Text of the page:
The last straw for the African American police officer living in an upscale Orange County community was the acid pellets someone shot into his garage in October, the corrosive capsules damaging his car.
It had been an ugly, racially tinged pattern since the Inglewood police officer, his wife — a Los Angeles County sheriff’s deputy — and their two children had moved into the Yorba Linda neighborhood in 2011.
Rocks were thrown through their windows, car tires were slashed, and racial taunts were shouted by passing motorists. One day, their 6-year-old son came home from school asking why his classmates said they couldn’t play with him because he was black.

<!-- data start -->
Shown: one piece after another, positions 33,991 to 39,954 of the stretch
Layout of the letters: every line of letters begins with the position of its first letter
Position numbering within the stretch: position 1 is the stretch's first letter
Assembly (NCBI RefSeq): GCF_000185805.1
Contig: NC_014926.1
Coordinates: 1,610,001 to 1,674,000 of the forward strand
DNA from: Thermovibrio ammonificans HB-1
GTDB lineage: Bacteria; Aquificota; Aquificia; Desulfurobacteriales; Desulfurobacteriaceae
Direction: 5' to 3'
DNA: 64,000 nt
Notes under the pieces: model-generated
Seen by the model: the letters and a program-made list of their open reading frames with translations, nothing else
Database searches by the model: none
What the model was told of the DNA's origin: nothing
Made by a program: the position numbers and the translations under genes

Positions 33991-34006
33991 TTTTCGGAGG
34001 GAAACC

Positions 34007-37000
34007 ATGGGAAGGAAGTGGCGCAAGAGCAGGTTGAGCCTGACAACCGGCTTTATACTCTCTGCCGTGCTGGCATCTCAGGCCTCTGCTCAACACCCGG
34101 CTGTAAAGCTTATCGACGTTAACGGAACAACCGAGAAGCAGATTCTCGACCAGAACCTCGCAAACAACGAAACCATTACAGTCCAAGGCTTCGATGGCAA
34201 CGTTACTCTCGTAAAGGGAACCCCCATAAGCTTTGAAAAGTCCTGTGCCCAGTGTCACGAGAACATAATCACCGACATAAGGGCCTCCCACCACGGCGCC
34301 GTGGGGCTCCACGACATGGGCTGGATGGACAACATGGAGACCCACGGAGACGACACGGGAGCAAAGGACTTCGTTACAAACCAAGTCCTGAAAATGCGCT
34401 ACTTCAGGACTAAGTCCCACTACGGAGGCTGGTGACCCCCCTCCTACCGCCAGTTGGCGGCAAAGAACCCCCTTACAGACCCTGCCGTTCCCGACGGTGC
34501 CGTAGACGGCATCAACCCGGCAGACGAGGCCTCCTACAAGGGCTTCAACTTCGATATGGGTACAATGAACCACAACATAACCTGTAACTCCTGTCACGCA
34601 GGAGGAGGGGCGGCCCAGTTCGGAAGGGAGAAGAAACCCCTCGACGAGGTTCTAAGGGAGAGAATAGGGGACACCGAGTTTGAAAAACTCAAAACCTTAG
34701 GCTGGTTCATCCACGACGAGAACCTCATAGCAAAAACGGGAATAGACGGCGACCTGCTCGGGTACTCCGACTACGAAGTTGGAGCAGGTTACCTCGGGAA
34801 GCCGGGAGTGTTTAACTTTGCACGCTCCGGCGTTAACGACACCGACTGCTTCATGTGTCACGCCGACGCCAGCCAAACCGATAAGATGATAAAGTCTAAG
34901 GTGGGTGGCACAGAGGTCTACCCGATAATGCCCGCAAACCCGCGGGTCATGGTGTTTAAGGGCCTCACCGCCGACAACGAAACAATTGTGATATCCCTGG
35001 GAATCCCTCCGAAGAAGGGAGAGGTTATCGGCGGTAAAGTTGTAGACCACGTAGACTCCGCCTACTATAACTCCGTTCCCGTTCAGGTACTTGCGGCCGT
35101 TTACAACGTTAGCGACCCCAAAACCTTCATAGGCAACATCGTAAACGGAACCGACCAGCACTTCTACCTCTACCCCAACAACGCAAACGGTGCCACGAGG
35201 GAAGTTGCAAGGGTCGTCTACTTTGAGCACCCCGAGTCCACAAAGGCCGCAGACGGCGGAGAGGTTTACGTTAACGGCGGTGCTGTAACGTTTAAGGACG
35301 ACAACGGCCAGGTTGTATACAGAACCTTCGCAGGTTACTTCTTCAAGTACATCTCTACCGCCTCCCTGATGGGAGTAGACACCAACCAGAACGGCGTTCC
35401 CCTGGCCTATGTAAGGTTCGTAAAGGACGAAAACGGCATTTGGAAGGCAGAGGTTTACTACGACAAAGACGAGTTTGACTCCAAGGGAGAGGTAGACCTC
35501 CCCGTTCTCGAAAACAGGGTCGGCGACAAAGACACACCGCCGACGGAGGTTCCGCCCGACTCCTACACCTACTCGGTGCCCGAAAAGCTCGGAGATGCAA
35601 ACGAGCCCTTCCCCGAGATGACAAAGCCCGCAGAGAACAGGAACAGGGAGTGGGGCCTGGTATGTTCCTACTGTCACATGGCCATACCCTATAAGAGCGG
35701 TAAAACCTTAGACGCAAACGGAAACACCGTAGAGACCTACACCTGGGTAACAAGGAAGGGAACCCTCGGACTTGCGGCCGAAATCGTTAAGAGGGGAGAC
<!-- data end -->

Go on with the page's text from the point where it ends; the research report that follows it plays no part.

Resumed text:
“It just illustrates that even amid our really wonderful community, life is different for some people,” said Rusty Kennedy, the executive director of the [Orange County Human Relations] commission.
Though African Americans account for a small fraction of the county’s population — no more than 2% — they are the most frequently targeted group for hate crimes, Kennedy said. [Emphasis added.]
Gee, Rusty, do you think there might be some relation between those two facts?